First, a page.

AZAL Azerbaijan Airlines (J2, Baku) has officially released its Deloitte-audited financial report for 2020, according to which its net loss for the year amounted to AZN76.42 million manats (USD44.98 million), about 3% less than its loss for 2019. But it received millions in state subsidies to compensate.

The pandemic outbreak that year ensured that revenue at the state-owned flag carrier slipped from AZN1.01 billion (USD594 million) to AZN335.27 million (USD197.3 million), but “subsidies received from the government due to Covid-19” came to AZN232.1 million (USD136.6 million).

The report revealed that in total the Azerbaijani government provided the company with financial support totalling AZN279 million (USD164.2 million) during 2020, including subsidy income, paid-in capital, loan repayments, and other factors.

Total liabilities at the end of the period, on December 31, 2020, stood at AZN2.76 billion (USD1.62 billion), far exceeding its AZN1.99 billion (USD1.17 billion) worth of total assets. The liabilities included AZN334.16 million (USD196.68 million) that is due to aircraft lessors over the ensuing five years. The ch-aviation fleets advanced module shows that AZAL owns its entire fleet of 31 aircraft except for four of its eight ERJ 190-100ARs, leased from Nordic Aviation Capital.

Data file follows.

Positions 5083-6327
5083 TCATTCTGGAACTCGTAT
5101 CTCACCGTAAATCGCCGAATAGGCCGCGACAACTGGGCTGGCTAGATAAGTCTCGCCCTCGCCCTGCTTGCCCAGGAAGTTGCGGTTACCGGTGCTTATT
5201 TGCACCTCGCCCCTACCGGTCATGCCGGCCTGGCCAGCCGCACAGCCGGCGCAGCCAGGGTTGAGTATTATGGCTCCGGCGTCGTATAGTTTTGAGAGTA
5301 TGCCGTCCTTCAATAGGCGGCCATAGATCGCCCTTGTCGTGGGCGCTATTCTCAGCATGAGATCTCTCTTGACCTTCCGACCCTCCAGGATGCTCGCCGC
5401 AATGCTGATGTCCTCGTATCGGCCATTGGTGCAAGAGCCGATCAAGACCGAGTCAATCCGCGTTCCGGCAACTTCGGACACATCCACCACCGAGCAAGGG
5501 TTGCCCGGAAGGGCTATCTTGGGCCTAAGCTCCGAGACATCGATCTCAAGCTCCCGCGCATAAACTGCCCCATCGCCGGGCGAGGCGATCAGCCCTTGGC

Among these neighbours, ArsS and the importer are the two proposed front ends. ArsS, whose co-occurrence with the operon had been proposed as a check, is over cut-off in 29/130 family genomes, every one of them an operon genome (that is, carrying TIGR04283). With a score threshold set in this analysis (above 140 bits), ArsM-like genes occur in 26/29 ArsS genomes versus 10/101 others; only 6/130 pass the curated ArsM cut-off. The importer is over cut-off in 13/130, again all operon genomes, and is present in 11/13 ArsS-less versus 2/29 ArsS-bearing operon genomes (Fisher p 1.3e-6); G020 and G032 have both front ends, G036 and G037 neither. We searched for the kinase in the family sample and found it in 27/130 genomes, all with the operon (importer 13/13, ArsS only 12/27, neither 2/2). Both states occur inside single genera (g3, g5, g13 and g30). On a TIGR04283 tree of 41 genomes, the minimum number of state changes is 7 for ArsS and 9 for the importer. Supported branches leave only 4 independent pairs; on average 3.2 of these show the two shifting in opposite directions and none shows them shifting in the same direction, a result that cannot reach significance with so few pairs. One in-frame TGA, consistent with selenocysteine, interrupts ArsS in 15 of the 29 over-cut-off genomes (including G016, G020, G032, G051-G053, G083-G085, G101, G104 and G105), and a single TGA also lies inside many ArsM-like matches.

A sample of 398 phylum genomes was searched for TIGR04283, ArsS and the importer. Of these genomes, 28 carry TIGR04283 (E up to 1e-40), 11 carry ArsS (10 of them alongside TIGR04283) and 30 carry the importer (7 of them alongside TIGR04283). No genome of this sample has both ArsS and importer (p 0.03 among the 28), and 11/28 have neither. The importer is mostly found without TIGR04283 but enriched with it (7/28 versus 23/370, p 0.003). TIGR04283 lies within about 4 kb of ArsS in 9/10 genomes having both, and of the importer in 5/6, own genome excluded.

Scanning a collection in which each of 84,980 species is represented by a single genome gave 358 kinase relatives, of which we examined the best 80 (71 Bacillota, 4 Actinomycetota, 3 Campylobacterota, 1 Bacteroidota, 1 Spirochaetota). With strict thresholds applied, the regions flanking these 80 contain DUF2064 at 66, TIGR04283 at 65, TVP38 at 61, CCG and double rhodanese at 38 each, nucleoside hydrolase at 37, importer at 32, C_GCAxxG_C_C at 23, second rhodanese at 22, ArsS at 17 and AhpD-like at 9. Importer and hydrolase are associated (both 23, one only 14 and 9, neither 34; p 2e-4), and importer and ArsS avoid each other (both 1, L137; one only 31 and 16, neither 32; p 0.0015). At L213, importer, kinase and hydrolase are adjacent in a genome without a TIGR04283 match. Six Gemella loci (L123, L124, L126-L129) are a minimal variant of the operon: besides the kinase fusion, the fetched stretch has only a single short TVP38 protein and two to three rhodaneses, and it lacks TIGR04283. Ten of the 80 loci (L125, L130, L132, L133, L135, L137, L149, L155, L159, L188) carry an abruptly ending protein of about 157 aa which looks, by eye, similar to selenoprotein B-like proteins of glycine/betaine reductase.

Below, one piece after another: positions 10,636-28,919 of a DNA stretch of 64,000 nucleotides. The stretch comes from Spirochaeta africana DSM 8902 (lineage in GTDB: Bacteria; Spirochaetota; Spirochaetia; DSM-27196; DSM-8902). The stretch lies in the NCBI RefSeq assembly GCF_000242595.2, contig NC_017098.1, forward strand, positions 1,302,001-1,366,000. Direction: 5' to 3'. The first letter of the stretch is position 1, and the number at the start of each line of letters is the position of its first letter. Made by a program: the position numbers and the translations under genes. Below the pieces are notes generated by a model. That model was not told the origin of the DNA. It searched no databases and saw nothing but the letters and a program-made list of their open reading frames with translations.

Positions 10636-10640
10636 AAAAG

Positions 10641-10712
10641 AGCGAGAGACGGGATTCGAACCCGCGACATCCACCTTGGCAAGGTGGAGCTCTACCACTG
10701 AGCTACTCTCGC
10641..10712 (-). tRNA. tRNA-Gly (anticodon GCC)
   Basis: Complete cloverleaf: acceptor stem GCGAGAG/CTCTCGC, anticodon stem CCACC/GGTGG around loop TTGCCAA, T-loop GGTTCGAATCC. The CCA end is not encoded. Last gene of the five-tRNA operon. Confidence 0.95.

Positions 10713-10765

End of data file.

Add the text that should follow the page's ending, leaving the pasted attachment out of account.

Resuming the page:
Azerbaijan Airlines also released financial accounts for the first ten months of 2021, during which it received AZN58.39 million (USD34.36 million) in further “financial assistance from the state” to stem losses from travel restrictions because of the ongoing pandemic. The report elaborated that “in addition, the Ministry of Finance directed AZN25.407 million [USD14.95 million] to pay off loans and leases” at the airline.

However, as a result of the partial restoration of flights, unaudited revenues at AZAL for the ten-month period amounted to AZN383.215 million (USD225.55 million).

Deloitte warned in its notes to the audited 2020 report that “the group has been significantly impacted by the Covid-19 pandemic, has negative working capital, recurring losses from operations, and accumulated deficit. These events or conditions [...] indicate that a material uncertainty related to events or conditions exists that may cast significant doubts on the group’s ability to continue as a going concern.”